McWeeney S.K.,Oregon Health And Science University |
Pemberton L.C.,Oregon Health And Science University |
Pemberton L.C.,Northumbria University |
Loriaux M.M.,Oregon Health And Science University |
And 17 more authors.
Blood | Year: 2010
In chronic-phase chronic myeloid leukemia (CML) patients, the lack of a major cytogenetic response (< 36% Ph+ metaphases) to imatinib within 12 months indicates failure and mandates a change of therapy. To identify biomarkers predictive of imatinib failure, we performed gene expression array profiling of CD34+ cells from 2 independent cohorts of imatinib-naive chronic-phase CML patients. The learning set consisted of retrospectively selected patients with a complete cytogenetic response or more than65%Ph + metaphases within 12 months of imatinib therapy.Basedonanalysis of varianceP less than .1 and fold difference 1.5 or more, we identified 885 probe sets with differential expression between responders and nonre-sponders, from which we extracted a 75-probe set minimal signature (classifier) that separated the 2 groups. On application to a prospectively accrued validation set, the classifier correctly predicted 88% of responders and83% of nonresponders. Bioinformatics analysis and comparison with published studies revealed overlap of classifier genes withCMLprogression signatures and implicated β-catenin in their regulation, suggesting that chronic-phase CML patients destined to fail imatinib have more advanced disease than evident by morphologic criteria. Our classifier may allow directing more aggressive therapy upfront to the patients most likely to benefit while sparing good-risk patients from unnecessary toxicity. © 2010 by The American Society of Hematology. Source
Song O.R.,Institute Pasteur Korea |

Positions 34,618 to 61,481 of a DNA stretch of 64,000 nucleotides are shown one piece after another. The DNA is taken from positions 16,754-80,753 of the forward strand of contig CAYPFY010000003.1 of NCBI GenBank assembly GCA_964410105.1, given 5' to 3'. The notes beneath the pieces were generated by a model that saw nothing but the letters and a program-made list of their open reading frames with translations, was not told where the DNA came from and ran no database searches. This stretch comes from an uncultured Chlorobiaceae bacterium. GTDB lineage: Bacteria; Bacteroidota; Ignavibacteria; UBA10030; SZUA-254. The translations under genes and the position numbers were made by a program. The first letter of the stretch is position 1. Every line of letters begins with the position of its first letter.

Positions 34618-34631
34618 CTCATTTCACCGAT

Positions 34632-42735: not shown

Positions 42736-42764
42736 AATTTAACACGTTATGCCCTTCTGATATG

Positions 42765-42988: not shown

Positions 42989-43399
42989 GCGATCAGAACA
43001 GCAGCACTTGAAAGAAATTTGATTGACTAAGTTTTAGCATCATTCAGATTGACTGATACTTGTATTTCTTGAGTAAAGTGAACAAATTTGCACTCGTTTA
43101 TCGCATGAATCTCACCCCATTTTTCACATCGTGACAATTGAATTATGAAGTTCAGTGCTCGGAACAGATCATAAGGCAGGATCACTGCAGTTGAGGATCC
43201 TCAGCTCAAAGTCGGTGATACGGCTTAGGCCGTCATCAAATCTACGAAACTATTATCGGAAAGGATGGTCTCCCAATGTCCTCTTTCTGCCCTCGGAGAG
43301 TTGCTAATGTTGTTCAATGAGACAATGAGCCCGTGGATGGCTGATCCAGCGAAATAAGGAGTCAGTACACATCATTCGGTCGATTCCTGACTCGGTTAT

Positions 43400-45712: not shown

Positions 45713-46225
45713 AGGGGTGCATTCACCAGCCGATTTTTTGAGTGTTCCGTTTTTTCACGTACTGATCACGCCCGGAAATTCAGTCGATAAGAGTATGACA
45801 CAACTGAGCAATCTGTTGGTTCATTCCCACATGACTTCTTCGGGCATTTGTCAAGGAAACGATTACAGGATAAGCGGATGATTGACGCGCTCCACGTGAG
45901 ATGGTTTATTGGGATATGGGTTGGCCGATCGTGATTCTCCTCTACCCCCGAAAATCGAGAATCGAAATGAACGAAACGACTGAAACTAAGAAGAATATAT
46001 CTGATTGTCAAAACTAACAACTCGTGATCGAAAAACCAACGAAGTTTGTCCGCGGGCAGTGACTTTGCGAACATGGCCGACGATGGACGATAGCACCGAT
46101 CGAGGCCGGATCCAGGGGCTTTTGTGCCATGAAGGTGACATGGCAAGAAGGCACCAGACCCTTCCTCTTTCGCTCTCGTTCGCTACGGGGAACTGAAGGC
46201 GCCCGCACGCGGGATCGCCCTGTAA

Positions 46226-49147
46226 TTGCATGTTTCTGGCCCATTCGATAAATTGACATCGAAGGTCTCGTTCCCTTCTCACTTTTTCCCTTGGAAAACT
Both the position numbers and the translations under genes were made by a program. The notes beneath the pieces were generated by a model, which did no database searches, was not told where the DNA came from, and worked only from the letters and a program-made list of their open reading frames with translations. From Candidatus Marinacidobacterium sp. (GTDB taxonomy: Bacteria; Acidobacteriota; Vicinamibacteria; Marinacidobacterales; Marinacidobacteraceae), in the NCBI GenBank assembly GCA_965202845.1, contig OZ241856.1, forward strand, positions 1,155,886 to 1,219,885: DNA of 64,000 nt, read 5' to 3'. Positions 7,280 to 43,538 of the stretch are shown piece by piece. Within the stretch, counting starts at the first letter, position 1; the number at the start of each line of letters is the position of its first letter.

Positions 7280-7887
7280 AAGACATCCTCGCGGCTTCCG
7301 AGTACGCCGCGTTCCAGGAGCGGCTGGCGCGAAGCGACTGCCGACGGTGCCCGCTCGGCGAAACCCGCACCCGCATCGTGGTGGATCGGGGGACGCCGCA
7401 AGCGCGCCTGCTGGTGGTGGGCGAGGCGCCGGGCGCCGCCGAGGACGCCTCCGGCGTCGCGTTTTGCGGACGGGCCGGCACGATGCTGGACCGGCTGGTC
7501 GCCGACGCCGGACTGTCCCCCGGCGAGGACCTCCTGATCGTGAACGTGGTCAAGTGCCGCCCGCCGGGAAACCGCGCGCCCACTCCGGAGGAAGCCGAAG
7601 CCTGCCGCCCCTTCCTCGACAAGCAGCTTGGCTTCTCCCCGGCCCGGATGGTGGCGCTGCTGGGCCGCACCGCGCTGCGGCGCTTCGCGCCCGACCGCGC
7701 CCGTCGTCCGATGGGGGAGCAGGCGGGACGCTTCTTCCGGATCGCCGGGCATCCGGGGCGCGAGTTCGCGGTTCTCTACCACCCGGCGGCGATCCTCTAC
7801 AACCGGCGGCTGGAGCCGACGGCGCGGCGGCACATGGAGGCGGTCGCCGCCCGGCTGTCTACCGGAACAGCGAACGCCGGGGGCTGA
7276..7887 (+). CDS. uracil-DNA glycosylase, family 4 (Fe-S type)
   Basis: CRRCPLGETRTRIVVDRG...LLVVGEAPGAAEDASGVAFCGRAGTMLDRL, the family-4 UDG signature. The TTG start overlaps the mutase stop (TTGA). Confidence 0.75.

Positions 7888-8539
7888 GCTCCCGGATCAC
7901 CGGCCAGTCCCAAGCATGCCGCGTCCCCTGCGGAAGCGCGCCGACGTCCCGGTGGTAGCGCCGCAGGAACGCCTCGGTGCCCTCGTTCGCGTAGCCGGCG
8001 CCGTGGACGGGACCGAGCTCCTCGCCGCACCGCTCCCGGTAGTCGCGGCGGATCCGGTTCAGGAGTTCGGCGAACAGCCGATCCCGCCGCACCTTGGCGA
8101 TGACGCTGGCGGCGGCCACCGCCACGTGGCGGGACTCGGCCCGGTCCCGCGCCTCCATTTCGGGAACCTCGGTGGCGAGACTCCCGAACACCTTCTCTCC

Kim T.-H.,Institute Pasteur Korea |
Kim T.-H.,Yonsei University |
Perrodon X.,Institute Pasteur Korea |
And 8 more authors.
Journal of Biomolecular Screening | Year: 2010
Rapid mixing in microplates is still an underappreciated challenge in screening assay development, particularly with the use of noncontact nanoliter liquid handlers. In high-content/throughput screening (HC/TS), fast and efficient mixing between compounds and cell culture medium is even more critical as biological kinetics dictates speed of mixing, usually within a few minutes. Moreover, mixing in HC/TS should be gentle enough, to avoid any negative disruption in. cell layer. Here the authors introduce a method to accurately quantify drop diffusion into a microplate well, independently of buffer, liquid han-dler, or dispensing protocol. This method was used to determine the effect of various mixing methods on the diffusion of a nanoliter drop of pure DMSO in aqueous buffer in 384-well plates. Rapid plate shaking and additional buffer addition were shown to be the most efficient and effective mixing methods for HC/TS. However, efficient mixing by plate shaking is lim-ited by assay volume. Bulk addition shows fast and efficient mixing, without negative effects on cells. Moreover, this simple, fast, and inexpensive method can be easily adapted on any platform. © 2010 Society for Biomolecular Sciences. Source
Sharma K.,Max Planck Institute of Biochemistry |
Sharma K.,Research and Development Center |
Kumar C.,Max Planck Institute of Biochemistry |
Kumar C.,Lilly Singapore Center for Drug Discovery |
And 5 more authors.
Journal of Proteome Research | Year: 2010